Robert Falconer

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One afternoon, as they were sitting at their tea, a footstep in the garden approached the house, and then a figure passed the window. Mr. Lammie started to his feet.

'Bless my sowl, Aggy! that's Anderson!' he cried, and hurried to the door.

His daughter followed. The boys kept their seats. A loud and hearty salutation reached their ears; but the voice of the farmer was all they heard. Presently he returned, bringing with him the tallest and slenderest man Robert had ever seen. He was considerably over six feet, with a small head, and delicate, if not fine features, a gentle look in his blue eyes, and a slow clear voice, which sounded as if it were thinking about every word it uttered. The hot sun of India seemed to have burned out everything self-assertive, leaving him quietly and rather sadly contemplative.

'Come in, come in,' repeated Mr. Lammie, overflowing with glad welcome. 'What'll ye hae? There's a frien' o' yer ain,' he continued, pointing to Robert, 'an' a fine lad.' Then lowering his voice, he added: 'A son o' poor Anerew's, ye ken, doctor.'

The boys rose, and Dr. Anderson, stretching his long arms across the table, shook hands kindly with Robert and Shargar. Then he sat down and began to help himself to the cakes (oat-cake), at which Robert wondered, seeing there was 'white breid' on the table. Miss Lammie presently came in with the teapot and some additional dainties, and the boys took the opportunity of beginning at the beginning again.

Dr. Anderson remained for a few days at Bodyfauld, sending Shargar to Rothieden for some necessaries from The Boar's Head, where he had left his servant and luggage. During this time Mr. Lammie was much occupied with his farm affairs, anxious to get his harvest in as quickly as possible, because a change of weather was to be dreaded; so the doctor was left a good deal to himself. He was fond of wandering about, but, thoughtful as he was, did not object to the companionship which Robert implicitly offered him: before many hours were over, the two were friends.

Various things attracted Robert to the doctor. First, he was a relation of his own, older than himself, the first he had known except his father, and Robert's heart was one of the most dutiful. Second, or perhaps I ought to have put this first, he was the only gentleman, except Eric Ericson, whose acquaintance he had yet made. Third, he was kind to him, and gentle to him, and, above all, respectful to him; and to be respected was a new sensation to Robert altogether. And lastly, he could tell stories of elephants and tiger hunts, and all The Arabian Nights of India. He did not volunteer much talk, but Robert soon found that he could draw him out.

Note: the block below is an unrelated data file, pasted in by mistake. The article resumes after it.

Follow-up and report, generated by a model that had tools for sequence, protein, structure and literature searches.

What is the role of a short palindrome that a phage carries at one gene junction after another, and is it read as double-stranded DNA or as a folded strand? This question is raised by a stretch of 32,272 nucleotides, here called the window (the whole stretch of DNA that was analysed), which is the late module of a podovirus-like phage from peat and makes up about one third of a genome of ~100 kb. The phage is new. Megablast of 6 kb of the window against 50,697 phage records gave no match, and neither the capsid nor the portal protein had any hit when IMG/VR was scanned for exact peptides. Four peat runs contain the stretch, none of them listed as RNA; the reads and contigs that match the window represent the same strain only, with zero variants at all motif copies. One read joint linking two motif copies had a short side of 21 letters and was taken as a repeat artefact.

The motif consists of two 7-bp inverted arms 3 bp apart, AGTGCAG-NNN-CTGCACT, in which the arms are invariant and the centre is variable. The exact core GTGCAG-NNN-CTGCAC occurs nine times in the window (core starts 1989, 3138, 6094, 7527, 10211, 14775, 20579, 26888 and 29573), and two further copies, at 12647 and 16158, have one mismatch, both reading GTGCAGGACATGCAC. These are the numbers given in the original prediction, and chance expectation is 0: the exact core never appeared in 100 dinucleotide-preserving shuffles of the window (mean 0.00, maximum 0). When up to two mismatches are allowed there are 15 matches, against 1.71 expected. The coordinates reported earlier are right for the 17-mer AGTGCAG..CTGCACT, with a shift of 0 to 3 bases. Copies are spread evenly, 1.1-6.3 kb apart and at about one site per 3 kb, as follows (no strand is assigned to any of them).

But what attracted the man to the boy?

'Ah! Robert,' said the doctor one day, sadly, 'it's a sore thing to come home after being thirty years away.'

He looked up at the sky, then all around at the hills: the face of Nature alone remained the same. Then his glance fell on Robert, and he saw a pair of black eyes looking up at him, brimful of tears. And thus the man was drawn to the boy.

Robert worshipped Dr. Anderson. As long as he remained their visitor, kite and violin and all were forgotten, and he followed him like a dog. To have such a gentleman for a relation, was grand indeed. What could he do for him? He ministered to him in all manner of trifles--a little to the amusement of Dr. Anderson, but more to his pleasure, for he saw that the boy was both large-hearted and lowly-minded: Dr. Anderson had learned to read character, else he would never have been the honour to his profession that he was.

But all the time Robert could not get him to speak about his father. He steadily avoided the subject.

When he went away, the two boys walked with him to The Boar's Head, caught a glimpse of his Hindoo attendant, much to their wonderment, received from the doctor a sovereign apiece and a kind good-bye, and returned to Bodyfauld.

Dr. Anderson remained a few days longer at Rothieden, and amongst others visited Mrs. Falconer, who was his first cousin. What passed between them Robert never heard, nor did his grandmother even allude to the visit. He went by the mail-coach from Rothieden to Aberdeen, and whether he should ever see him again Robert did not know.

He flew his kite no more for a while, but betook himself to the work of the harvest-field, in which he was now able for a share. But his violin was no longer neglected.

Day after day passed in the delights of labour, broken for Robert by The Arabian Nights and the violin, and for Shargar by attendance upon Miss Lammie, till the fields lay bare of their harvest, and the night-wind of autumn moaned everywhere over the vanished glory of the country, and it was time to go back to school.

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